Seductive targets. Not every firm that is bought out has a stellar track record with sales exploding off the charts. Of course having a company in a nice niche in an expanding growth market is certain to make a buyer’s heart beat faster. “Sometimes a firm can secure its position by buying up another small company,” says Nicholas. This not only expands its market share, but also shows potential investors that it is an aggressive firm on the move.

Additionally, the targeted firm must radiate a sense of smooth acquisition to the potential buyer. Remove all possible infringement issues and solve all human resource problems. Sometimes a pre-negotiated labor contract can be a selling point. While it is always a great fear among employees, most buyers do not want come in and face the hassle of mass firings, and then have to recruit and train replacements. If a buyer sees a solid group working of high-morale workers performing well under a unified management, he is likely to pay well for this whole, trouble-free package.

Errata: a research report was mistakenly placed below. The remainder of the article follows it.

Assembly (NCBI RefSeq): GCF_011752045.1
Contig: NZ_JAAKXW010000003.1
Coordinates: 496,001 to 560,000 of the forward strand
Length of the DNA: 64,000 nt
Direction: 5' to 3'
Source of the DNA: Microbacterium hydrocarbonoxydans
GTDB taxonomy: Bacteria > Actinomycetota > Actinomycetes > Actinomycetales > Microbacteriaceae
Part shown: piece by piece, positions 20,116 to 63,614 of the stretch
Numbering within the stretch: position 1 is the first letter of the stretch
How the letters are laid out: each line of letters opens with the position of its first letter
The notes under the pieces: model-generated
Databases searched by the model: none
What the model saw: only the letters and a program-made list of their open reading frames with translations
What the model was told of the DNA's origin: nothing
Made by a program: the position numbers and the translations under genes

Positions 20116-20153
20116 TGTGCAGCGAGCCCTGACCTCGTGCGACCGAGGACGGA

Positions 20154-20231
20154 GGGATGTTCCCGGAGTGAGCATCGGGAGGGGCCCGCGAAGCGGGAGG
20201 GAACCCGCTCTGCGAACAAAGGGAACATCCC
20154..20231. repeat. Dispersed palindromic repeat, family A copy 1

In business the old maxim of grow or die still holds true. If a firm succeeds, eventually it will expand beyond one ownership and one source of funding. Even if the liquidity is only selling pieces of your the company as pubic stock offerings, it will mean a substantial change, with a lot more horses pulling the wagon. The owner can gather all the new reins himself, or he can hand them over to someone else and go retire to a sprawling beach home in Aruba. Either way, working toward liquidity is a vital a part of today’s business planning, requiring as much attention as the current sales figures.